Wondering when your little munchkin is ready to sit up on her own?  Learn more about this important milestone and how it improves physical development.

By Tamekia Reece
Updated June 09, 2020
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Sitting up lets babies be more independent and explore their environment in new ways, says Sheryl Pitner, M.D., assistant professor of pediatrics at the University of Nebraska Medical Center. It also bridges the path to other major milestones, such as starting solids, crawling, standing, and walking. Keep reading to learn more about when babies start sitting up, with tips for helping your little one reach the milestone.

How Sitting Up Helps Development

Your baby's gross motor skills come into play while he’s learning to sit up. In order to accomplish the task, he needs to have strong muscles in the neck, shoulders, stomach, back, and hips, says Jean Moorjani, M.D., a pediatrician at Arnold Palmer Hospital for Children in Orlando. As your baby becomes efficient at using her hands to interact with her environment while sitting up, fine motor skill development will also kick in.

What’s more, "sitting up with minimal support means the baby has the proper muscle control needed to transition from a liquid diet of breast milk or formula to solid foods," says Dr. Moorjani. A baby can't move to solid foods unless he's able to sit upright and hold up his head and neck, which helps avoid choking.  

When Do Babies Sit Up By Themselves?

Typically, babies learn to sit up between 4 and 7 months, Dr. Pitner says. Once your baby finally sits up from lying down, though, don't expect it to last longer than a second or two. He'll do a lot of tipping over, so make sure you're never further than an arm's length away to catch him. 

As your baby’s muscle strength improves, he'll be able to sit slightly longer, but he’ll still probably fall when he gets excited and kicks his legs. He’ll develop more control once he begins to tripod—or lean forward and support himself with one or both arms, Dr. Pitner says.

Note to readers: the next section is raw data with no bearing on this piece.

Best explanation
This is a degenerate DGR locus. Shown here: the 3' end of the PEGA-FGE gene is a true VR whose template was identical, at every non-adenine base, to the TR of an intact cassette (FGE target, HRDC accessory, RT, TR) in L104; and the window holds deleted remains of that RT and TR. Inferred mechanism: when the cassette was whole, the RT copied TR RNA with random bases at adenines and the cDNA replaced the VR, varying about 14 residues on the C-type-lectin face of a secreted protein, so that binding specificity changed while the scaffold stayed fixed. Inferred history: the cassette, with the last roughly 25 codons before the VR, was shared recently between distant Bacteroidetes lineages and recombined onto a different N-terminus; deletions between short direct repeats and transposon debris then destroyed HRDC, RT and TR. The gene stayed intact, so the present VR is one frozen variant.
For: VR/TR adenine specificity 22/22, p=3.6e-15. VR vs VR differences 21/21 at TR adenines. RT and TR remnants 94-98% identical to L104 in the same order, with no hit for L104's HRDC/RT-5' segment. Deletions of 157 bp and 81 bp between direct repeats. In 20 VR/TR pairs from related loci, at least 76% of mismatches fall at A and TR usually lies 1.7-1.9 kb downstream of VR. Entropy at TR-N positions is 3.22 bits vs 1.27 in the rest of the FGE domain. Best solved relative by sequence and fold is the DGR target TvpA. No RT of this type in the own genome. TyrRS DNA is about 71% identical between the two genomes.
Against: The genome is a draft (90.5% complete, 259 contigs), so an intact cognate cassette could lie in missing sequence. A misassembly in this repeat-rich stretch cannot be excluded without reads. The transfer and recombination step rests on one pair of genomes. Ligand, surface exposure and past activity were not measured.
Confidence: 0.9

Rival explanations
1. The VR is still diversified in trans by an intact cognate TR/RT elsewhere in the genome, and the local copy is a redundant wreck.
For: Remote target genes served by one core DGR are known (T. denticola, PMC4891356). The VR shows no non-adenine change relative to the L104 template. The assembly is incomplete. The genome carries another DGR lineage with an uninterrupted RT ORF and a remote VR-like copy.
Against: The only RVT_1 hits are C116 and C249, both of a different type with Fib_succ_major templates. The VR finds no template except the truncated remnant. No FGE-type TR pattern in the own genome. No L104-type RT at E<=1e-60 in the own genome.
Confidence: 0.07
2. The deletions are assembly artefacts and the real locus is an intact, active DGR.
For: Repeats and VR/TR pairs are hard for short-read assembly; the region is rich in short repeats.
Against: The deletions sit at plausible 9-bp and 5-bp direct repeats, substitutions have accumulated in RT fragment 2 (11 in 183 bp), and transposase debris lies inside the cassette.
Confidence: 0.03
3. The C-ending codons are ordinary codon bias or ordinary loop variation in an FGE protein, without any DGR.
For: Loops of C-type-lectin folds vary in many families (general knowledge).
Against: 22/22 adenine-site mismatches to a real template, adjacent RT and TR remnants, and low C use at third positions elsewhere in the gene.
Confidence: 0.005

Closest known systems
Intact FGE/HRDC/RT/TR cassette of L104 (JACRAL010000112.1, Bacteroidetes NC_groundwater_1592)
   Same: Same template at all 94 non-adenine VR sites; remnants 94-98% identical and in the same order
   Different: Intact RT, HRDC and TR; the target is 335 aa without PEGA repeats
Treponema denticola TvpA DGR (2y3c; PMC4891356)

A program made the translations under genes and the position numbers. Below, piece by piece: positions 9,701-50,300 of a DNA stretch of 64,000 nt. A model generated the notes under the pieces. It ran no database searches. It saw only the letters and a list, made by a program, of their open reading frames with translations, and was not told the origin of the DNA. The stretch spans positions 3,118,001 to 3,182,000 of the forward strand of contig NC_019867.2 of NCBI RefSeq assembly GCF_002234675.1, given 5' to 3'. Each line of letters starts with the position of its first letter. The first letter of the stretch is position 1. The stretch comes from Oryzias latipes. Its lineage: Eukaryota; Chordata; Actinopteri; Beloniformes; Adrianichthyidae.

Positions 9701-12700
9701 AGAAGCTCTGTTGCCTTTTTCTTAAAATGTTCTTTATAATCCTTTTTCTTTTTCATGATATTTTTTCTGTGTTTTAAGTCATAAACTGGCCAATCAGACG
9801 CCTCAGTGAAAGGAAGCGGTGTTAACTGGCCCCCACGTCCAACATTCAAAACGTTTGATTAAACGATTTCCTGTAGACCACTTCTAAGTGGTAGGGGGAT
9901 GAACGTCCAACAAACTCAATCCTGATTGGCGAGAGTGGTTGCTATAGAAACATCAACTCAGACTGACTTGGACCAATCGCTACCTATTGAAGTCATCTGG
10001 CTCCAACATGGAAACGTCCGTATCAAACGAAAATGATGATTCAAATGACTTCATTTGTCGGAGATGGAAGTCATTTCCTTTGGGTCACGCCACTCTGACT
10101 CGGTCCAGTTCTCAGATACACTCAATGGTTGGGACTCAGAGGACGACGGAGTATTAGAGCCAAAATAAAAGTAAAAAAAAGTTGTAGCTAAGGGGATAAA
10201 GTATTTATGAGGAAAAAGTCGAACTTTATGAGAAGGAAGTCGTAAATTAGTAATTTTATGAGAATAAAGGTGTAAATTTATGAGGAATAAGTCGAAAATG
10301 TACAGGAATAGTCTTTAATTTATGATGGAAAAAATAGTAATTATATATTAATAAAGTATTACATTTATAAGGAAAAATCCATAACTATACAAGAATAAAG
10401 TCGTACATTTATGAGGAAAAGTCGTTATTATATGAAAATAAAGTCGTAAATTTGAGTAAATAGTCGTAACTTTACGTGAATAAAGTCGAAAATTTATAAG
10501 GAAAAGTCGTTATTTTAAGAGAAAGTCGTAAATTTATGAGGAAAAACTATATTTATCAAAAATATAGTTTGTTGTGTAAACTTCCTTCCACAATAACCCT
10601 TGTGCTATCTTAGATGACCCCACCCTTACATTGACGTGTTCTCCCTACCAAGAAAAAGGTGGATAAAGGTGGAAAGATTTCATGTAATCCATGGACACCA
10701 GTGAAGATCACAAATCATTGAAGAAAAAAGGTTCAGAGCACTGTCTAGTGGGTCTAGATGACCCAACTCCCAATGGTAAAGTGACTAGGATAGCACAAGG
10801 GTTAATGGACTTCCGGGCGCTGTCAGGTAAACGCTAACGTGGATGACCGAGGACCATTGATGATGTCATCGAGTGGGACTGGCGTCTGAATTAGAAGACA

After your kiddo gets better at sitting up, he'll begin to pivot into different positions and learn to rock forward and backwards to get on his hands and knees. Another milestone comes next: crawling!

How to Help Your Baby Sit Up

Help your baby learn this new skill by holding onto her arms when she's on her back and gently pulling her up to a sitting position. She'll enjoy the back-and-forth motion, so add some fun sound effects to make it even more exciting. 

Your baby needs good head control to sit up, and the best practice is tummy time. While she's on her stomach, talk to her, interact with her, and place some toys just out of her reach so she has a reason to look around, Dr. Pitner says. When you notice she's holding her head steadier—and she’s able to push herself up into higher positions—start helping her sit up with assistance for five to ten minutes a few times per day. Place her on your lap so that her head and back lean against your chest, sit her in a Boppy seat on the floor, or use pillows to prop her up.

As she spends more time on her tummy, she'll build her pint-size muscles, get stronger, and be able to push herself further off the floor—until one day she'll be sitting upright on her own!

When to Visit the Doctor

Don't worry if your baby isn't sitting up by the 6-month mark. Every baby develops differently and there's a wide range of "normal" when it comes to meeting milestones, Dr. Moorjani says. With a little more time and patience, your baby will likely start sitting up. But if she still isn't sitting up for at least a few minutes by time she's 9 months, mention it to your pediatrician.

Comments (1)

Anonymous
December 3, 2018
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